Disorders induced by tobacco smoking
Smoking is the main cause of many respiratory diseases and is one of the most important risk factors for cardiovascular diseases, cancers of several organs and many other pathological conditions. Estimates suggest that overall, approximately one-third of all cancers are caused by tobacco use. Of these, lung cancer is the prime example: in most societies, 80–90% of all lung cancers are attributable to tobacco. Lung cancer kills more people in the EU than any other cancer, accounting for about 20% of all cancer deaths. Tobacco smoking also plays a causal role in cancers of the mouth, larynx, pharynx, nose and sinuses, oesophagus, stomach, liver, pancreas, kidney, bladder, cervix and bowel, as well as one type of ovarian cancer and some types of leukaemia. Smoking is the main cause of COPD, particularly in Europe. (In some other parts of the world exposure to biomass fuels is relatively more important.) Smoking reduces the rate of growth of respiratory function during adolescence, resulting in a lower maximum forced expiratory volume in 1 s (FEV1) (a key measure of lung function) at maturity. Smoking then accelerates the decline of FEV1 in later adulthood and in old age. Figure 2 shows schematically the effect of smoking on FEV1 in healthy nonsmokers and susceptible smokers, as well as the effect of quitting smoking.
|Non-cancer effects||Smoke constituent||NCRI|
|Cardiovascular effects||Hydrogen cyanide||1.97|
Table 1 – Non-cancer risk indices (NCRI) for individual chemical constituents of mainstream cigarette smoke based on a single cigarette per day. Reference exposure levels (REL) are a guide to protect sensitive individuals against chronic effects over a long period of continuous exposure. The NCRI is equal to reported concentration as a fraction of the REL, assuming a total volume of 20 m3 of air breathed daily. Bold numbers indicate an NCRI greater than 1.0, which signals that the threshold for adverse effects could be reached for some people by smoking a single cigarette per day. Reproduced from Fowles et al., 2003, with permission from the publisher.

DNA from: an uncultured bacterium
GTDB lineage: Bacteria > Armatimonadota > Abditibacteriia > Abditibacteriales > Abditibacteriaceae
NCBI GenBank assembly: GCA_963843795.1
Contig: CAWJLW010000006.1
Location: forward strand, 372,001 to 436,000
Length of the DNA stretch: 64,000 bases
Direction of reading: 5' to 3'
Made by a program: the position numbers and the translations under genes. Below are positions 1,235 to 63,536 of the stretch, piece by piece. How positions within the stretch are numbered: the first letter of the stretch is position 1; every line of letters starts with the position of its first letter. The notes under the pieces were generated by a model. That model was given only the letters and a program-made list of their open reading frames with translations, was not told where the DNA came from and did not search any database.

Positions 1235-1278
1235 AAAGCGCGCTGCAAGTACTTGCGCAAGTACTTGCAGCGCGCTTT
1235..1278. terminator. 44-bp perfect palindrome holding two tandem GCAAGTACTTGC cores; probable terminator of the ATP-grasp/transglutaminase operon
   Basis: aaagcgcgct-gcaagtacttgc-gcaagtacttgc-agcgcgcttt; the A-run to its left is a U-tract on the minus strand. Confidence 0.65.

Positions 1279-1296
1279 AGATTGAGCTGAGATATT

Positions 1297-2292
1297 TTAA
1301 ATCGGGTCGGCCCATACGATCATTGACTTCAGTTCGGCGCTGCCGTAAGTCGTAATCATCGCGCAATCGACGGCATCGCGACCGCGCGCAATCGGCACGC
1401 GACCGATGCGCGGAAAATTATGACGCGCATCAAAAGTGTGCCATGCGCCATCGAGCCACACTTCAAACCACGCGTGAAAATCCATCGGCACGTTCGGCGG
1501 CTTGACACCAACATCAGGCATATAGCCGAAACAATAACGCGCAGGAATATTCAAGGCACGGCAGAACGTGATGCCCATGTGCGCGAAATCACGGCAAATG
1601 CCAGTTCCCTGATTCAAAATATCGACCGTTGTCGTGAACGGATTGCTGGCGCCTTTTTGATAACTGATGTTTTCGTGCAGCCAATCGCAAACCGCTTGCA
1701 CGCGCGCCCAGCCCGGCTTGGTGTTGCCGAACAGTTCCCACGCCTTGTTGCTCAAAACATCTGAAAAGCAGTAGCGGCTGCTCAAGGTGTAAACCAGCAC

Smoking is also a cause of childhood asthma and a risk factor for the development of asthma in adults and is associated with increased risk of mortality, asthma attacks and exacerbations, greater severity and more difficulty in controlling asthma. Smoking predisposes to infection and is a serious complicating factor for tuberculosis.
Beyond the respiratory system, cigarette smoking is a risk factor for osteoporosis, reproductive disorders, adverse post- operative events and delayed wound healing, duodenal and gastric ulcers, periodontal disease and diabetes. It is a major modifiable risk factor for cardiovascular disease, including coronary artery disease, stroke, peripheral vascular disease and congestive heart failure. Studies of the relationship between cigarette smoking and cardiovascular disease show that cigarette smoking is associated with higher serum levels of cholesterol, coronary vasomotor reactivity, platelet aggregation and a pro-thrombotic state.